A space they think wide

open, our people, interlopers
always. They haven’t experienced

the fence jutting or the heat or the river
claiming and giving.

We are here when
blame needs placing.

My son,
your Ita returned the year I was born

and the U.S. seemed less a specter
that deported your great-great aunt

when she dared to say her children
deserved a better school. I want you

to know our continual
presence, our rootedness, our belonging

our place in this land’s history
is a threat to an invented color-line.

The they, who chanted and chanted for
a wall, want to clearly re-mark

re-establish this line, that men
these men who always want something from us

our land, our labor, even our absence

You can count the three days you witnessed
tears. The women who raised me

taught me strength in arms wrapped tight
to close away vulnerabilities

that I resented but understand now
as a necessity to believe I can keep you safe.

A feeling that you my son, equate with our home’s
mountains, that limits every storm’s reach

that I echo in my embrace so you may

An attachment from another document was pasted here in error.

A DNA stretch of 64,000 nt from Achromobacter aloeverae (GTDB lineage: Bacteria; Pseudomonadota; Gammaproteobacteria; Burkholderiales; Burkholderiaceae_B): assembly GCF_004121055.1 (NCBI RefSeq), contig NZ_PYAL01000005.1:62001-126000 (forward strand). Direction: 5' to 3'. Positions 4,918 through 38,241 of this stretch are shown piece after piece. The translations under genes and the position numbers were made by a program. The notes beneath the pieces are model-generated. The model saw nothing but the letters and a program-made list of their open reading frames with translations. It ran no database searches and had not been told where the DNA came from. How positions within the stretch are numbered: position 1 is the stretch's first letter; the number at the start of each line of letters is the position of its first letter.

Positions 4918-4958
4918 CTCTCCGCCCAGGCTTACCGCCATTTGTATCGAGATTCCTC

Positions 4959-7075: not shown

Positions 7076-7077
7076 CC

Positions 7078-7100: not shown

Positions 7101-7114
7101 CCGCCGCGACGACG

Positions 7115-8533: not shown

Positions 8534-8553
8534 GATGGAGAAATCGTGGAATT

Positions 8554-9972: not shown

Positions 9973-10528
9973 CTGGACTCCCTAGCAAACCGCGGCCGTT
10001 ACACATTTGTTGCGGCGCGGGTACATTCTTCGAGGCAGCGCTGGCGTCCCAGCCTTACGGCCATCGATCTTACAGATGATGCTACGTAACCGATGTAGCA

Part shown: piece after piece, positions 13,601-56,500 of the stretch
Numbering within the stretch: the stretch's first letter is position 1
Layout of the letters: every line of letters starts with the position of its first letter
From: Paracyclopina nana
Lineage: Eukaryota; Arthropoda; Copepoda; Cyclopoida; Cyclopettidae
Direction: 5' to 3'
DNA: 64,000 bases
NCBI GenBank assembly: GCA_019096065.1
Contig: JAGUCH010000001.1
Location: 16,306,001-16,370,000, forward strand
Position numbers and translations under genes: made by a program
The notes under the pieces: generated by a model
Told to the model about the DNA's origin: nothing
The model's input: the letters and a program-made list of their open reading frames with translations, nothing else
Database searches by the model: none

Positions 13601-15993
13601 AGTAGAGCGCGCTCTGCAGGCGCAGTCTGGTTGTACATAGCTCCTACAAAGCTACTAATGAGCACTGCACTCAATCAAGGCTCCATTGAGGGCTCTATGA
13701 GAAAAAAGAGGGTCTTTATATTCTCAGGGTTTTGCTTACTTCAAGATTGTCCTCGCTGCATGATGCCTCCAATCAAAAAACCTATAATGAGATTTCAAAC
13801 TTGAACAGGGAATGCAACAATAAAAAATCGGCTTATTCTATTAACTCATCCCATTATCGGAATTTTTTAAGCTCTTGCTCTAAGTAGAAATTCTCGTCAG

feel it wherever we go, so we may carry

home everywhere along la frontera.
Our home where a man who rules

in favor of divisions will declare
our home, our history a violent sliver and

force it into the image of his rhetoric
A war zone that isn’t except in necessity.

I remember also that on that day
I saw a young man on campus

clad in bright red and blue
covered in the slogan of what

will be made great again, gleefully
as if some match had just been won.

And my son, I wanted to hug him
this boy, someone else’s son

against what he doesn’t know
is coming. From the those who

chanted wall, wall, wall, wall
from those who whispered

it wistfully to themselves
so their one friend of color

wouldn’t judge them openly
from those who recognized the slogan’s

danger but voted
for an imagined past anyway

because like a beast diseased
and eating its own tentacles

they would rather destroy themselves
than finally accept us.

Carolina Monsiváis is the author of Somewhere Between Houston and El Paso, Elisa’s Hunger, and Descent. A former counselor in the field of domestic violence and sexual assault, she remains committed to eradicating patriarchal violence through her writing and activism. Originally from El Paso, Texas she earned degrees from the University of Houston (B.A) and New Mexico State University (M.F.A.). She is currently a doctoral candidate in Borderlands History at the University of Texas at El Paso, and resides in McAllen, Texas.
Visit: carolinamonsivais.wordpress.com

Santa Ramirez


Esas manos que piscan algodón
Que lavan frijoles, tallan ropa,
Que curan de ojo, de empacho, de susto

Esas manos que estiran, que amasan
Que arden y siguen cuidando
Al pesar del dolor de huesos